New findings from the Insurance Institute for Highway Safety reveal that modern SUVs are less deadly to passenger cars and minivans. The report says that design changes to large vehicles like SUVs, as well as to regular passenger cars, have reduced the fatality rate in accidents between large and small vehicles.
Previously, large vehicles were more likely to kill passengers in smaller vehicles because the higher ride height of SUVs “overrode” the safety structures of smaller vehicles like sedans and minivans. However, in 2003 the IIHS worked with the Alliance of Automobile Manufacturers and the Association of Global Automakers to develop standards to improving the “crash compatibility” of large and small vehicles.
For larger vehicles, that meant either lowering the vehicle’s ride height, lowering the bumpers, or adding additional crash structures lower in the vehicle. At the same time, manufacturers of smaller cars improved crash structures and added features like side-impact airbags. The IIHS says that 54 percent of SUVs sold in 2004 met the new front-end requirements, while by 2007, 81 percent of all new SUVs and met the standards.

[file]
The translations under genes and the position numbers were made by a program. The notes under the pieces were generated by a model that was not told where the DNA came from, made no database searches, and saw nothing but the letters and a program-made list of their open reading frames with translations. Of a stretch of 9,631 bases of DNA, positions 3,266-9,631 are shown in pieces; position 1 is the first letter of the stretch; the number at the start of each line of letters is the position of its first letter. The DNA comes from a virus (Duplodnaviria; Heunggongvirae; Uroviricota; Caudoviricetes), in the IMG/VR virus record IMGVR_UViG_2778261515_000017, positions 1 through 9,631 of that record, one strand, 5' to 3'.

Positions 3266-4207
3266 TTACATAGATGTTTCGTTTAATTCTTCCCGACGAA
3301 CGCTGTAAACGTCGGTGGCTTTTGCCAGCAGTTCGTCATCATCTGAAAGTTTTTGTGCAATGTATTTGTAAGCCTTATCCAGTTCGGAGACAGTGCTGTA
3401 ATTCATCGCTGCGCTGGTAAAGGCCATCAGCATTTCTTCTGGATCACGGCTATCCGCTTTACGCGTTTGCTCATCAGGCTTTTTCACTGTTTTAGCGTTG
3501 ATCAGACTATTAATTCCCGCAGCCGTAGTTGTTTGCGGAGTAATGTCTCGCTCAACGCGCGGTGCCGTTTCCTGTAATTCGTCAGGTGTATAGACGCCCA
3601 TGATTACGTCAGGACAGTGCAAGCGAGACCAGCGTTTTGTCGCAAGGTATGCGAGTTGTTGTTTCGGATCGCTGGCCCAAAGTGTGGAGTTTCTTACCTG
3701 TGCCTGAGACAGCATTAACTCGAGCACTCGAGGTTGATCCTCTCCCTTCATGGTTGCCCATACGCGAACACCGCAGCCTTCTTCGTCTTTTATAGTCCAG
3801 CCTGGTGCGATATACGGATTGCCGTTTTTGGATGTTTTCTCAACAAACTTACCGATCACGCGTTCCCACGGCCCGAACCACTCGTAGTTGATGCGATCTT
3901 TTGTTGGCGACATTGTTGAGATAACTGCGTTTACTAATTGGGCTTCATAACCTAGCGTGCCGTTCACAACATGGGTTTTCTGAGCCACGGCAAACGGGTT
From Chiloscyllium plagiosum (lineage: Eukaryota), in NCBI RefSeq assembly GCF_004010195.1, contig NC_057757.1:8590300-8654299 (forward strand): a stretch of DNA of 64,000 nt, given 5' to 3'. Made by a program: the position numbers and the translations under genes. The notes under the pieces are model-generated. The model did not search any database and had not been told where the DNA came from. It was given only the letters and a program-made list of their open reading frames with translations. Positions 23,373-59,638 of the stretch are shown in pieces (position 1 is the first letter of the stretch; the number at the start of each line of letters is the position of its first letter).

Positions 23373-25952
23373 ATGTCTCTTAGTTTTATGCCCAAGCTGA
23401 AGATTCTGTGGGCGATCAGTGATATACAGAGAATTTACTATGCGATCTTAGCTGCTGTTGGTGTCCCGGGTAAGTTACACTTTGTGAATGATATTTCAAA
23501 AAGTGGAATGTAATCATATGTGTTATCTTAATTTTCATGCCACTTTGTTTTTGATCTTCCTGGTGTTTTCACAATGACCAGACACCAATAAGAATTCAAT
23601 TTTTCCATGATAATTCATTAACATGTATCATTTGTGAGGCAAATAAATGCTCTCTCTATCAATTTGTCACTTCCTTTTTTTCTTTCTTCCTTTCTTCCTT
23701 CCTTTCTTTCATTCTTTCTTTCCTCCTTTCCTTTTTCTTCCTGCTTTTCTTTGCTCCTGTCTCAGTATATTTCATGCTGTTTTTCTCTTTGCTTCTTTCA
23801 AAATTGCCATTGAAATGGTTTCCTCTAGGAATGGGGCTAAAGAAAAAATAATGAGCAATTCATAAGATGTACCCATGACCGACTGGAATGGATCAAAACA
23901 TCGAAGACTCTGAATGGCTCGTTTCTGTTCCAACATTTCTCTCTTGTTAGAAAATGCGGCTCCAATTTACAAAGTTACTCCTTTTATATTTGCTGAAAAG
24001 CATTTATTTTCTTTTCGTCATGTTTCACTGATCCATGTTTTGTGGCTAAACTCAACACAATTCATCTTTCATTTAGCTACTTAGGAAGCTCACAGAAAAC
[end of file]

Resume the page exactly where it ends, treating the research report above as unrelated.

“By working together, the automakers got life-saving changes done quickly,” said IIHS chief administrative officer Joe Nolan. “The new designs have made a big difference on the road.”
As a result, fatalities in passenger cars and minivans hit by SUVs dropped dramatically. From 2000-2001, such impacts caused 44 deaths per million registered vehicle years. By 2008-2009, that rate had dropped to just 16 deaths per million registered vehicle years.
That means that SUVs and trucks killed people in passenger cars at a lower rate than other small cars. From 2008-2009, the IIHS reports that cars or minivans colliding with other cars or minivans caused a fatality rate of 17 deaths per million registered vehicle years.
The new report is the second recent finding by the IIHS that SUVs may be safer than traditional passenger cars. In June, the Institute revealed that SUVs now have a lower driver fatality rate than many other types of cars. Traditionally, safety groups argued that SUVs were more dangerous than traditional cars and minivans, but safety improvements and stability control have made SUVs statistically safer.
For more on the report’s findings, watch the short video below.